AS Alex Salmond prepares to take to the stage at the Fringe next month, we asked a panel of comedians and performers what the former first minister can expect on his festival debut.
Titled Alex Salmond Unleashed, the event will take the form of a chat show, with promotional material promising a different guest from the worlds of politics, sport and showbiz every night.
The ex-SNP leader, who lost his Westminster seat in June’s general election, pledged to dish the dirt on political rivals during the one hour show, set to run every day at 1.45pm from August 13-27 at the Assembly Rooms.
Promoters have promised “a bit of light-hearted banter and a few behind the scenes revelations about his time in power”.
‘Don’t engage with hecklers’
Karen Koren is the founder and artistic director of the Gilded Balloon, helping to kick-start the career of acts including Tim Minchin, Bill Bailey and Johnny Vegas.
In their 32nd year of promoting shows at the festival, Gilded Balloon hosts Scottish comic Craig Ferguson in a series of performances being broadcast live to the US on Sirius XM Satellite Radio.
She said: “I think having Alex Salmond perform at the Fringe is a massive coup for the festival. He knows exactly what he’s doing and exactly the type of audience he will attract, so I don’t think he needs that confidence boost ahead of his debut.”
“If I had to give him one piece of advice, it would be not to engage too heavily with hecklers. Audiences want to hear what he has to say and if he spends all his time running down a member of the crowd, it’s going to get boring very quickly. Just put him or her down and move on.”
‘Don’t mention the referendum’
Stand up, podcaster and viral video maker Ashley Storrie will be performing her Morning Glory show at the Laughing Horse at the Counting House as part of the Free Fringe from August 3-27.
She said: “Firstly Alex, don’t mention the referendum, it really divides an audience. You should pack a lunch from home as fast food in Edinburgh is extortionate. Reviewers might be mean but that’s probably just because they’re jealous or Tories or both.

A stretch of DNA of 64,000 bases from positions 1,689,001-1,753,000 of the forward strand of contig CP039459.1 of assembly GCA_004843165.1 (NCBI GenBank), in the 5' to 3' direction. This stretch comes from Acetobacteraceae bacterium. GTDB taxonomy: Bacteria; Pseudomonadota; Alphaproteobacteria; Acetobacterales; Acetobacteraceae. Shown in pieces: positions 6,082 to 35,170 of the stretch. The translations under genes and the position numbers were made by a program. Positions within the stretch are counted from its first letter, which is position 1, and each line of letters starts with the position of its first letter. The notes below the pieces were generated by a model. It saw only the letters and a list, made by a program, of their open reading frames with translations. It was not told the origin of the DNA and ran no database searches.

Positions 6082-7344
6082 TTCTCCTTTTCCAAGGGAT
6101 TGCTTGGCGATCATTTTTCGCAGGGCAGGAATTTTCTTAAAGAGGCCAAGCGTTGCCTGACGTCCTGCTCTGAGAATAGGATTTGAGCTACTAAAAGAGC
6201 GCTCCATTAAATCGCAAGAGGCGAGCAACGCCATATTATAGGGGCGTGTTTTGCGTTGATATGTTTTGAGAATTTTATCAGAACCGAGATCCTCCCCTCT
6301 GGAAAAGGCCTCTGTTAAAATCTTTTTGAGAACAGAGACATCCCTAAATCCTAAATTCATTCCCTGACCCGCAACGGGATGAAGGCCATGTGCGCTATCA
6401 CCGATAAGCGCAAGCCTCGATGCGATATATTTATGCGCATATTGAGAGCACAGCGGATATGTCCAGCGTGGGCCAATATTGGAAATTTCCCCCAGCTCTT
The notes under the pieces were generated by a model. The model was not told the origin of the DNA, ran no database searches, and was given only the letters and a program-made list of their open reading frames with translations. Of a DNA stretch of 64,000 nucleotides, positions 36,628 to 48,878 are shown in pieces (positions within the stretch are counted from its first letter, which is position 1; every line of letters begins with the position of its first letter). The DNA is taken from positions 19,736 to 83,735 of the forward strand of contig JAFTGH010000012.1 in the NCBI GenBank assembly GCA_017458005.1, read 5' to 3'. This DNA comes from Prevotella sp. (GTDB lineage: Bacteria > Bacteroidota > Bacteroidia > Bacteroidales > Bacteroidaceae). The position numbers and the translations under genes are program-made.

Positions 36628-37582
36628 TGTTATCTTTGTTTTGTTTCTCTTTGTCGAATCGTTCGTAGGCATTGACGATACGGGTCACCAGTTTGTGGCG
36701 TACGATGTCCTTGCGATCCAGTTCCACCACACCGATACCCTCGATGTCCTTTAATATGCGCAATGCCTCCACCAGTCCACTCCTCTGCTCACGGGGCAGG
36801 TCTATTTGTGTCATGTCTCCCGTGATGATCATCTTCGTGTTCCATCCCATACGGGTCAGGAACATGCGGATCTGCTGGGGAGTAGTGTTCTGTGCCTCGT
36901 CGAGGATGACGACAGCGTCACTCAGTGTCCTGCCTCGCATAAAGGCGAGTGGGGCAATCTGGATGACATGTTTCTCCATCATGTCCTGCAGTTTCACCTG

“You might not get your own BBC 3 series straight away, despite what that fast talking person told you at the ‘performers bar’.
“And prepare to be in the minority as a Scottish act at a Scottish festival – we’re like unicorns.
“More than anything else though, in all seriousness, have fun and rest easy in the knowledge you’re already independently wealthy and unlike the rest of us, this month won’t bankrupt you.”
‘Enjoy the experience’
Former Forth One DJ and current BBC Radio Scotland DJ Grant Stott made his Fringe debut in 2016, performing his one man show Grant Stott’s Tales from Behind the Mic at Gilded Balloon Teviot alongside long-term collaborator Andy Gray.
He encouraged the former first minister to enjoy the experience.
He said: “If ever there was a politician that would be perfectly suited to the festival, it’s got to be Alex Salmond.
“Usually I’d advise new performers to prepare thoroughly for their first show, but I don’t think he’ll need to, I think he could go up there and blether for an hour without a script.
“He’ll have fun, he’ll definitely enjoy it. I think it might be a surprise to see how the audience reacts and participates. It’s going to be a different crowd every night, so it’ll be interesting to see how he deals with that.
“This is what the Fringe is all about; expect the unexpected.”
‘Politicians are narcissists’
Scottish comedy reviewer-turned-stand up herself,Fern Brady has previously appeared on BBC series including Russell Howard’s Stand Up Central and Stewart Lee’s Alternative Comedy Experience and completed a sell-out run at last year’s festival.
Her brand new show, Suffer, Fools! runs throughout the festival at The Stand, with tickets priced at £10.00.
She said Salmond should stick to reality TV and said he was “not welcome” at the festival.
She added: “The fact Alex Salmond is doing this is indicative of what we all know deep down: the worst politicians are preening narcissists who love the sound of their own voice more than they care about engineering any positive social change.
“At least comedians have a degree of self-awareness and keep our clowning to the stage.
“He’s not welcome here, tell him to go on I’m A Celebrity or join Ed Balls on that dancing show.”